BRASS; copper and zinc; the proportions of zinc and copper can be varied to create a range of brasses with varying properties. Brass may have some tarnish to be removed because "Light" metals such as aluminum, zinc, white metal or other alloys break down much quicker than steel, cast iron or brass.
ELECTROLYTE; Washing soda (www.realcolorwheel.com/1color.htm
Feb 11, 2015 - Trona is soda ash in its hydrous state as in sodium carbonate.), such as Arm & Hammer
Washing Soda, is the best electrolyte to add to water for removing rust. It's sold as a laundry booster, and can be found near laundry detergents in stores. Washing soda is mostly sodium carbonate (also known as soda ash), Na2CO3, it's a sodium salt of carbonic acid. It's also sold as and called pH+, a pool and spa water treatment to raise the pH of acidic water to make it more alkaline.
WATER; Warm water will dissolve the rust faster, but any pure water is fine.
The electrolyte solution should contain one tablespoon of washing soda per gallon of water. Stir it until the soda is completely dissolved.
CATHODE METAL; The tool or other metal item you would like to clean.
Connecting the Negative Electrode.
Connect the negative (black) clamp from the battery charger to the rusty item. While the negative clamp can be underwater, it will cause it to eventually wear out. Don't allow a copper clamp to touch the water if you are making Colloidal Silver, that will destroy it for human use.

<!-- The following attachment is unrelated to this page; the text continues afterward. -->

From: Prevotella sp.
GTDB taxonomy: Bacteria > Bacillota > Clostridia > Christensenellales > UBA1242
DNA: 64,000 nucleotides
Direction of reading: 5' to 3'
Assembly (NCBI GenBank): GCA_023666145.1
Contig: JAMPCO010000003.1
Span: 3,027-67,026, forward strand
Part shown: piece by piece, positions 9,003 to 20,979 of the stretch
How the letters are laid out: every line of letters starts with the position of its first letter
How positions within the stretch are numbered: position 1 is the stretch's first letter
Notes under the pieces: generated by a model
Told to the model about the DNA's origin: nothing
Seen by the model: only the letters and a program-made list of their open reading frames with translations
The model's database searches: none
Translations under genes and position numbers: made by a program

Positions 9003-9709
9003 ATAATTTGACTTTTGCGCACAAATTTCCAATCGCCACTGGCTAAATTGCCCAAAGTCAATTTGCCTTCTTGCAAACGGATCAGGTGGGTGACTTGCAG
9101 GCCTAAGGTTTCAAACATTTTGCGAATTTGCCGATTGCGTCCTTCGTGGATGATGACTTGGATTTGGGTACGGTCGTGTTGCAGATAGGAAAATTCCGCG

ANODE METAL; A piece of iron, steel or compressed graphite. The (+) anode is reusable, but it will be gradually eaten away over time, so don't use anything important!
Positioning the (+) Anode.
Place the anode transmitting metal in the container so one end sticks out of the water or connect it with a wire to the power source. Position it a couple of inches from the (-) cathode rusty item, making sure they do not touch!
Connecting the Positive Electrode:
Connect the positive (red) clamp from the battery charger to the part of the anode that's protruding from the water, so the red clamp remains dry.
NON-CONDUCTIVE CONTAINER; A plastic storage bin or bucket is perfect. It needs to be large enough to hold both the (-) tool and the (+) anode without them touching.
SUSPEND THE RUSTY ITEM; Suspend the item in the electrolyte so it is completely wetted, I used twine.
COLLOIDAL SILVER is made at 3 or 4 volts not 6, 9 or 12 volts. It's made this way turning the distilled water electrolyte into Colloidal Silver water, CS, it works because there is no "rusty item" in-between the electrodes.
COATING or BLACKENING A CAST IRON SKILLET
Pre-heat the oven to 400º, cover the rack below it with aluminum foil.
Coat a clean, very dry skillet with vegetable cooking oil, olive oil or linseed oil, not dripping wet.
Leave it in the oven for 45 minutes or cook the pan on the top of the stove until the handle is hot. Done, if it smokes that's ok. Another system is to oil the pan, cover it and put it in the oven at 400º for 3 hours, the lid holds the smoke, let it cool.
This will add a final shiny permanent black shine that can't be removed.
First cook with butter.
Don't clean it with soap or use a dishwasher, just wipe the pan clean.